Auditing Fixed Assets

Courtesy Wasp Barcode Technologies

Courtesy Wasp Barcode Technologies

Executing regular audits of fixed asset inventory is a good way to make sure that a company’s asset records are accurate. Inaccurate asset records will affect financial balance sheets, losses may occur and fixed assets may not be available when needed. In a post on Wasp Barcode’s Blog, Brian Sutter explains the building blocks of an effective fixed asset audit.

The audit process does not have to be difficult or time-consuming.  

  • Accurate Financials

If your asset records are not accurate, your balance sheet will be incorrect. This can be extremely detrimental to a company. Fixed asset reporting is an intrinsic part of the balance sheet.

If your company’s fixed asset listing is considerably different than what is detailed, there is a significant problem with the process of managing your company’s assets.

Additionally, companies and organizations that depend on their fixed assets are able to immediately correct asset management problems by regularly conducting thorough asset audits.

  • Audit Principles

However you choose to complete the audit, the basic principle is the same:

  • Look at your last audit numbers.
  • Determine your current audit numbers.
  • Ensure that the difference coincides with your transaction reports.

The amounts listed on your balance sheet should match the detailed listing of your fixed asset inventory. When comparing the two, verify the following is true about each asset:

  • The asset is valued correctly.
  • The asset has been classified correctly.
  • The asset’s purchase and/or sale dates are accurate.

In addition to the information listed above, you should also have all applicable documentation and ownership information for each asset.

Read the full article here:

Questions? Comments? Let us know in the comments section below.

More information about Bassets eDepreciation software can be found at Bassets.net. While there you can register for our live webinar, download a free evaluation copy and get a personalized pricing estimate.

Dynamic Browse to View a Set of Fixed Asset Records

dynamic browseA spreadsheet is the perfect tool to “look” at fixed asset data. It easily organizes many rows and columns into a clean presentation of the key fields of information. Bassets eDepreciation includes many of the best features of a spreadsheet in our Dynamic Browse.

The Browse tab of the asset maintenance form provides the asset manager with a row and column view of the detail data. In addition, there is functionality to:

  • Sort: click on the title row of any column to sort all of the displayed data by the values in that column. The initial mouse click will create an ascending sort of the data. A second mouse click will create a descending sort of the data.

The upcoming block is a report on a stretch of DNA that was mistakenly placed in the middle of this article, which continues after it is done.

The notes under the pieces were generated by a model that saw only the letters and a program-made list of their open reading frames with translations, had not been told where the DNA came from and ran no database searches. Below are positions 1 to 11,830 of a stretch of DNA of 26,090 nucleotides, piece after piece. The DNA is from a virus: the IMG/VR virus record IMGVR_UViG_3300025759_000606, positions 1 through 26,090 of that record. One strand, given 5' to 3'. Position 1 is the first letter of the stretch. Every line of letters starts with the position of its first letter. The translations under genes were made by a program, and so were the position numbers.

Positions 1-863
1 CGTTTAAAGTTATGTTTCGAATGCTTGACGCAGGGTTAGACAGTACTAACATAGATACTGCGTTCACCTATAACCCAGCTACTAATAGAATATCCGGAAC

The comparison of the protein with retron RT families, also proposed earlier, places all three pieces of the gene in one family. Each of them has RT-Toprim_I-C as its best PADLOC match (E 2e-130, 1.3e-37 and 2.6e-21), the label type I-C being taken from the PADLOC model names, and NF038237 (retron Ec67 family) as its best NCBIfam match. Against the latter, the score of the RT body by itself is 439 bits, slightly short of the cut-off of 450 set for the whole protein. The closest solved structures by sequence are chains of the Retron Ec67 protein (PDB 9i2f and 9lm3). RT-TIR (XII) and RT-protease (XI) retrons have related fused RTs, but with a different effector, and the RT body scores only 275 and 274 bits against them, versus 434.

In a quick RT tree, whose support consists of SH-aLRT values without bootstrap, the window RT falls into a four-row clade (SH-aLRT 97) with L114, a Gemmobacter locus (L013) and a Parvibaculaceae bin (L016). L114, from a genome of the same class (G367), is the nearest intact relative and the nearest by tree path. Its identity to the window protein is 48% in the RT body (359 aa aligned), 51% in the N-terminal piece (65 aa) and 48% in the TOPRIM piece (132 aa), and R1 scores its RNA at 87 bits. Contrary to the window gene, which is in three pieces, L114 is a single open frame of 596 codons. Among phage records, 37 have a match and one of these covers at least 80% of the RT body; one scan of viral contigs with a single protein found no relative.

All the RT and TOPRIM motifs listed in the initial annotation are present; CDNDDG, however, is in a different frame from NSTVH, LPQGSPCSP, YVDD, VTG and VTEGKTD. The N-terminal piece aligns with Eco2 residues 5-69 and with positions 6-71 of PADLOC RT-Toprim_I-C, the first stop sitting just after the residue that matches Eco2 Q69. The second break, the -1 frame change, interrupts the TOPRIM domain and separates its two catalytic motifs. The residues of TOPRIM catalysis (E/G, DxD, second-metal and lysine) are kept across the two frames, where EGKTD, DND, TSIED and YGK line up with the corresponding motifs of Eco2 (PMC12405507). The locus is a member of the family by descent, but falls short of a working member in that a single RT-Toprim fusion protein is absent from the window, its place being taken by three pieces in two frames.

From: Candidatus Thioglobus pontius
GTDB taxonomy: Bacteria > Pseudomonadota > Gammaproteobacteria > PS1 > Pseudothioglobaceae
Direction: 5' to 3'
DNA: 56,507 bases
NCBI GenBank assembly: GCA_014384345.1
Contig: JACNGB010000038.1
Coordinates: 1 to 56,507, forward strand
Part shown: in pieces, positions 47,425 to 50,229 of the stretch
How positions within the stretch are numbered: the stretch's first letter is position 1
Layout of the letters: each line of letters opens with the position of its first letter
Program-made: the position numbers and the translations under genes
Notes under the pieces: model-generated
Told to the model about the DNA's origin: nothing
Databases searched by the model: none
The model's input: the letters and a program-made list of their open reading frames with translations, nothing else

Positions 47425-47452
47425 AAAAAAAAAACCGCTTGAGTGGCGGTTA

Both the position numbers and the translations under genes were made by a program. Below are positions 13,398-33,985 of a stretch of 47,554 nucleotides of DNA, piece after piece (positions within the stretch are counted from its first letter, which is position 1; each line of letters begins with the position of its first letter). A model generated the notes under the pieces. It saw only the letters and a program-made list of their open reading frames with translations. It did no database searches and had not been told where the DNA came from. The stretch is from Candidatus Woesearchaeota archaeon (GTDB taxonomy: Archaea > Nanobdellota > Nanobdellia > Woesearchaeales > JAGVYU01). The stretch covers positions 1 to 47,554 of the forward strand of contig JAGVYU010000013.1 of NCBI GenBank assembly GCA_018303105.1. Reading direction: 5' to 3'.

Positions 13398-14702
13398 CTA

• Filter: click the filter (funnel) icon to display a menu of options and column values to quickly limit the displayed rows to a smaller subset.
  • Move: “grab” any column to move it to another location.
  • Resize: any column can be narrowed or widened for better display.
  • Group By: drag one or more columns into the group area to easily collect  and sort the rows.
  • Export: click the export button to send all of the data to an Excel spreadsheet.
  • Print: click the print button to generate an ad hoc report of the selected data.

Mixing the excellent presentation qualities of a spreadsheet with the integrated controls of fixed asset software gives you the best of both worlds. Use the eDepreciation Browse feature to manage groups of fixed assets and then select individual records to perform any necessary maintenance tasks like edits, transfers or disposals.

What do you think? Let us know in the comments section below.

More information about Bassets eDepreciation software can be found at Bassets.net. While there you can set up a demonstration, download a free evaluation copy and get a personalized pricing estimate.

View Monthly Detail Behind Depreciation Calculations

There is often confusion with the monthly calculation of depreciation. The basic calculation is to first determine the annual depreciation for each year and then divide that by the number of periods in the year. This gets more complicated with different first year conventions and changes over the life of the asset.

Bassets eDepreciation features a Detail tab as part of the Asset Maintenance form. This provides the user with Year by Year and Month by Month detail with Annual and Cumulative Totals of the depreciation calculation for the selected Depreciation Schedule for the asset record displayed on the screen.

Pictured here is an example if $6,000 asset depreciated over 5 years with a double declining balance and half year convention.

View Monthly Detail

This calculation grid shows the numbers for each individual period for the entire life of the asset. Depreciation detail can help answer questions when they arise concerning adjustments, bonus depreciation, disposals, transfers or other event changes to an asset.

Monthly Calculations